An immersion into someone else’s shoes
Recently I had to do a project photo class. I really believe in the power of art changing the world, or even just sparking an interest or conversation in people’s lives.
I chose to make a social ‘ad’ about sparking students’ minds about treatment of the homeless in their community. In order to protect the image of the homeless people that I’ve come across, I decided that I would depict a homeless person…so I put on a raggedy outfit, made myself look dirty and made a sign to go out just to take some pictures. I didn’t realize that I would actually run into people on the streets that would interact with me….or not interact with me.
As I posed on the side of the street with my sign, a family passed me. About 30 yards away from me, I could hear them laughing, talking and they even would say hey or wave to people that passed them. As soon as they got within two feet of me, they put their heads down and did not speak. Their son, probably five years old, stared at me. I felt so uncomfortable.
I was deeply hurt that the family wouldn’t even smile at me. Imagine how the homeless people that we pass on a daily basis must feel when we don’t even make eye contact with them, let alone smile or acknowledge them.
I began to feel my feet getting cold and sore. Imagine how the people we see pacing the streets with worn out shoes on, or even worse, with no shoes on…imagine how they feel, every day.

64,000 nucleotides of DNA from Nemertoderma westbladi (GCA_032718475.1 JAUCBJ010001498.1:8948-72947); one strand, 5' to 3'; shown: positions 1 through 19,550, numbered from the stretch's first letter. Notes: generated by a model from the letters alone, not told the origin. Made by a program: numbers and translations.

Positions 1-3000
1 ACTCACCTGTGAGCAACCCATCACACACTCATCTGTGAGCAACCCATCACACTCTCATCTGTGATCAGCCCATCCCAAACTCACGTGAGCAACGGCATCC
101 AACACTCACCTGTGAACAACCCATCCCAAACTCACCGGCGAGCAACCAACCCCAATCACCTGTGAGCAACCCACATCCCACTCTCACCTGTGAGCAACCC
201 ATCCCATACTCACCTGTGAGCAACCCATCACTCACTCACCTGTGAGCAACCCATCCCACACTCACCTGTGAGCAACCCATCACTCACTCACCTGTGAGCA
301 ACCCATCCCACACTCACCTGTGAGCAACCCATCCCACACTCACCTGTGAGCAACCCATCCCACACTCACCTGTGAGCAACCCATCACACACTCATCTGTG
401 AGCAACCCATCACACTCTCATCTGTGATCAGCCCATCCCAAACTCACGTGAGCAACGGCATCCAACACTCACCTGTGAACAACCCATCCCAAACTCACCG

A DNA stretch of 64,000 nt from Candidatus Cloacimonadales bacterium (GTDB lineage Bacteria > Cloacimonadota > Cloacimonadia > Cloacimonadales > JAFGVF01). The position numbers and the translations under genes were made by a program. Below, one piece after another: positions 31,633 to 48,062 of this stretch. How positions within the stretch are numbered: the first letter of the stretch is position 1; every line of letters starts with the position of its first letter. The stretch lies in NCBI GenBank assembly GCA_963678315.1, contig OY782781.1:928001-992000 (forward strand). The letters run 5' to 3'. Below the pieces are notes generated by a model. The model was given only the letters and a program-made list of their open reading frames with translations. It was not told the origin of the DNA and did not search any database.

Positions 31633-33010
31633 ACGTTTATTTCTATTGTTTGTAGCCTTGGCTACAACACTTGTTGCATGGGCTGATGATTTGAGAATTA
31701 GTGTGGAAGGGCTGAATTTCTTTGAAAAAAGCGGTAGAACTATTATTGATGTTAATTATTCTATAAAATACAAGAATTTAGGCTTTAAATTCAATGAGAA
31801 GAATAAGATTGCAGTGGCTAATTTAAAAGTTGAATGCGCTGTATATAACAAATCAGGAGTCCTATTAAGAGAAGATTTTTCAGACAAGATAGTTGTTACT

I was scared. In a place where I normally wouldn’t be afraid. I can’t even imagine the fear of sleeping on the streets. I get exhausted after staying up all night doing homework, imagine having to stay up all night for fear of getting killed, mugged, harassed or hurt because you’re sleeping under an awning.
I cannot imagine living such a misunderstood life. A life that more often than not, took a turn for the worse after a poor decision, a bad circumstance or horrible luck.
People all over should experience love and joy, and the human race has the right to be that love from other people. So why is it that often we forget that the homeless population is a person just like your boyfriend? Just like your sister? Just like your professor?
What would YOU do if your boyfriend was homeless? Your sister? Your friend? Your professor?
I know that I would treat them like a human, love them and help them. So next time you see a homeless man or woman, say hey, give a smile and talk to them. Often times that sheer act of kindness can go a long way.
Just remember, this could be you.